Did you know sugar may be addictive? The fact that the average American consumes more than 150 pounds of sugar every year should certainly be a red flag. While research continues on the subject, a number of studies suggest refined sugars affect the brain in ways very similar to alcohol and drugs such as heroin and cocaine, producing an initial “high” upon consumption and resulting in dependency. Over time, greater quantities are needed to achieve the same sugar high. And attempts to eliminate sugar from the diet may result in withdrawal symptoms and cravings. So if you feel frustrated, thinking you simply lack discipline or willpower to turn down that triple fudge brownie, there may indeed be a physiological reason behind your sweet tooth’s constant demand for more sugar.
Refined sugar contains zero nutrients. The white crystalline table sugar we are so fond of is not a natural substance and is nearly impossible to digest. When you eat sugar laden foods, your body is forced to steal essential vitamins and minerals from other parts of the body in its attempt to process what is actually a toxin. As little as two teaspoons of sugar can throw your entire body out of balance. As a result, you are much more likely to suffer obesity, diabetes, heart disease, osteoporosis, auto-immune disease, depression, and a variety of other illnesses.
As with other addictive substances, a sugar habit can be challenging to overcome. If you are struggling with a never ending desire for sweets, it may be time to check yourself into “sugar rehab.”
Try these tips for helping overcome sugar addiction.
- Admit you have a problem. As with any addiction, you must acknowledge the problem before you can become intentional about overcoming it. Giving yourself three to seven consecutive sugar-free days will let your body detoxify and allow the cravings for sweets to subside. Stay focused on the goal — living a healthier life and feeling better physically, mentally, and emotionally.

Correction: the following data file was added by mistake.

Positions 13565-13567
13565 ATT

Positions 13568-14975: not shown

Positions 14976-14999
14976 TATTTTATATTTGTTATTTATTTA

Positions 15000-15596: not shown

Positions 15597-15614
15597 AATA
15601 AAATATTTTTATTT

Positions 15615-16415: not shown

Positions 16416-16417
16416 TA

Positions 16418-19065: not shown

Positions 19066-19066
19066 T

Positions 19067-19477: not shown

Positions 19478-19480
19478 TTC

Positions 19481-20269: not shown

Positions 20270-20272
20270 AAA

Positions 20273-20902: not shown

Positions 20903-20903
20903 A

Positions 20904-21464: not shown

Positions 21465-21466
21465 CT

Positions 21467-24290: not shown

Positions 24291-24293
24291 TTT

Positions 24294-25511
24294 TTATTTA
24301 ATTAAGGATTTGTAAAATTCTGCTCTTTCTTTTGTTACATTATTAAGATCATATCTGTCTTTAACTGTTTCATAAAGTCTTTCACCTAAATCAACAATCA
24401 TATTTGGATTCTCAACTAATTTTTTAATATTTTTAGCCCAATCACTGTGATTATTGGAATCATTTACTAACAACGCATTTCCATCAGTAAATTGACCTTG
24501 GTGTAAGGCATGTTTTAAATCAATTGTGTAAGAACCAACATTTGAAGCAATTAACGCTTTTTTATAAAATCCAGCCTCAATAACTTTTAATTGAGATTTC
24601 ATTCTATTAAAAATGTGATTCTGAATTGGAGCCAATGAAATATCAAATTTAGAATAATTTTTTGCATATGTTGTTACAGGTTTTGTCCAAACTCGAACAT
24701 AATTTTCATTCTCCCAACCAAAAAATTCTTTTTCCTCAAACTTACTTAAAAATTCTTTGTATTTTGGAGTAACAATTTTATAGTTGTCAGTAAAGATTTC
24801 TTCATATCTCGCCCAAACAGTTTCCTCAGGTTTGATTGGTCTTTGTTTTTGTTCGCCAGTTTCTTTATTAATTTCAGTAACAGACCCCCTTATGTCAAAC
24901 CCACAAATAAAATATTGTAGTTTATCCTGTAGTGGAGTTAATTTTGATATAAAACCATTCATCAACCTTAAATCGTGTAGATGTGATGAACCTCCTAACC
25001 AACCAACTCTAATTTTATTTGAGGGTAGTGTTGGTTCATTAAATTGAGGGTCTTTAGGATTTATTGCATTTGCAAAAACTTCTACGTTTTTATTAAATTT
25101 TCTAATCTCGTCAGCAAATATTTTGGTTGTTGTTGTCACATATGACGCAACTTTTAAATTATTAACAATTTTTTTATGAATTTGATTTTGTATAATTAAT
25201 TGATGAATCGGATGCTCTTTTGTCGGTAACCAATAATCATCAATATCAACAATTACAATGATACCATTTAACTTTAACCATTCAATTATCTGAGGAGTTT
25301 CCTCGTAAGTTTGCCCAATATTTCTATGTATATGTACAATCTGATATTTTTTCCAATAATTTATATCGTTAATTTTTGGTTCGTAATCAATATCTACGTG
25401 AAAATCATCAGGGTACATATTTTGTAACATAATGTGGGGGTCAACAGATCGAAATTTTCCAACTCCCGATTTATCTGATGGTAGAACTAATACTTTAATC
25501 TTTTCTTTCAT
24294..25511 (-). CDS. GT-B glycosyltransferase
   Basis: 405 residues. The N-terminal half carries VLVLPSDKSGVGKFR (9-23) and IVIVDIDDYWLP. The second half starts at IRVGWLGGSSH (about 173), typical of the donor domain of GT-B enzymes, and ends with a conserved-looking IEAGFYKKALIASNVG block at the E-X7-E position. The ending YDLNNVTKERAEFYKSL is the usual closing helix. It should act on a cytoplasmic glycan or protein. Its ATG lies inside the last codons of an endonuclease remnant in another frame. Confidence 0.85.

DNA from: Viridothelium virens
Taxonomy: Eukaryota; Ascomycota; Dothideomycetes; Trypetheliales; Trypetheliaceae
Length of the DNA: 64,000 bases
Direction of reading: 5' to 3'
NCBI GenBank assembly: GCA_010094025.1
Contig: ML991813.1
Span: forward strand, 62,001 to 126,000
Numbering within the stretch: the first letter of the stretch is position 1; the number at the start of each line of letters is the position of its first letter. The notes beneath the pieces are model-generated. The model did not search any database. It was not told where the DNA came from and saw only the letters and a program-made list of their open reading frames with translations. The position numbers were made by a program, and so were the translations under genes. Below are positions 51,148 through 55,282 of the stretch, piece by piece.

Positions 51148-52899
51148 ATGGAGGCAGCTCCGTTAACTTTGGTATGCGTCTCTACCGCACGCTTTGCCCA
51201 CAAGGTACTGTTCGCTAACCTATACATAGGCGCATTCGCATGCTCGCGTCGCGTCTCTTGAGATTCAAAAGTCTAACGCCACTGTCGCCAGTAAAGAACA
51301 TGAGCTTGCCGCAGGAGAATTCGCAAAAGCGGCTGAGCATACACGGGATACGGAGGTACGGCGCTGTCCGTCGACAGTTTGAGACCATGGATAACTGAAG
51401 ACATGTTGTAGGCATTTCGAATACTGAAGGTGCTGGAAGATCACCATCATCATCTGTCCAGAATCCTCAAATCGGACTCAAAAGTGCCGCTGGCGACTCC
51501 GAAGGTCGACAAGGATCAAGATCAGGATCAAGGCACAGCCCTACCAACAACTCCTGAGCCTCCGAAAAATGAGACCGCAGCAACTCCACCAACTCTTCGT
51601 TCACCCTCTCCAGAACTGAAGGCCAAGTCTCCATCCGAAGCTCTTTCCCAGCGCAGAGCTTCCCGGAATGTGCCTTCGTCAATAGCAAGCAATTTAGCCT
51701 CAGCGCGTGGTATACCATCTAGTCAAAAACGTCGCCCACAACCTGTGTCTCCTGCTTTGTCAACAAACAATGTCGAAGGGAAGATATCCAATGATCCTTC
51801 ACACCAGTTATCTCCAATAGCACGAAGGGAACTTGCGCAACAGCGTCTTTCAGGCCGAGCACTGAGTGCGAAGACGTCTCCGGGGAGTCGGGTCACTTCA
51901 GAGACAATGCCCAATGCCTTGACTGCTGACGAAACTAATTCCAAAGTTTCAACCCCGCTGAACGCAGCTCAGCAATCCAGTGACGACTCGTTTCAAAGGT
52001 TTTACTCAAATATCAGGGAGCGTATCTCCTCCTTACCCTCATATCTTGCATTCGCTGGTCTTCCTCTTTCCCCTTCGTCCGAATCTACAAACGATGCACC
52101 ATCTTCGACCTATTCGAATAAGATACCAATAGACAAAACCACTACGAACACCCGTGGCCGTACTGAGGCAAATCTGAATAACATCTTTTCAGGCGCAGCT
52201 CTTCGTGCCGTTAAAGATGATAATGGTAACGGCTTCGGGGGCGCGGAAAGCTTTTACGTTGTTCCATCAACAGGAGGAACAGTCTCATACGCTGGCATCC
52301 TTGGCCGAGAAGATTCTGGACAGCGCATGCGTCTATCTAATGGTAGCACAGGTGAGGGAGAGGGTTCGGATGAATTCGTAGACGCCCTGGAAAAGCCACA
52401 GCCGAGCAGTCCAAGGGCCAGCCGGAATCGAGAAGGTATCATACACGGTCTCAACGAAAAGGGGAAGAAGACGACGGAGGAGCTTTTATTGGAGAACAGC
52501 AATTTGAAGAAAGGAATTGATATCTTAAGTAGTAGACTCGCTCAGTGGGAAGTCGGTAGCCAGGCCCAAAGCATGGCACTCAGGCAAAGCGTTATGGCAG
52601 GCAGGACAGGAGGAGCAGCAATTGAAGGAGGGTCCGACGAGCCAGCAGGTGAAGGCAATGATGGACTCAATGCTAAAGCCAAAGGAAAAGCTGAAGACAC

- Know what you’re eating. Sugar is hidden in almost all processed foods, not just cakes and cookies. Read labels when you shop, avoiding items containing sugary ingredients such as sucrose, high-fructose corn syrup, dextrose, and sorbitol. Buy fresh foods as often as possible.
- Include protein with every meal. Protein keeps blood sugar levels stable. It also helps you feel full longer, decreasing your tendency to want to snack.
- Replace a bad habit with a good habit. Instead of reaching for the candy dish, indulge yourself with a naturally sweet piece of fruit. Keeping healthy snacks readily available will make it easier to make the right choices.
- Avoid artificial sweeteners. Like refined sugar, these are not natural and have been linked to serious health problems.
- Brush your teeth immediately following meals. A minty-fresh mouth will help discourage the urge to snack on sugary sweets in between meals.
- Bring healthy finger foods to parties. Providing healthy alternatives will help you and other health conscious guests say no to sweet temptation.
- Exercise. A regular fitness routine helps reduce sugar cravings while maintaining a healthy body.
- Kick the habit with a friend, and keep each other accountable. Surround yourself with people who will support, encourage, and even join you in your quest for a sugar-free lifestyle.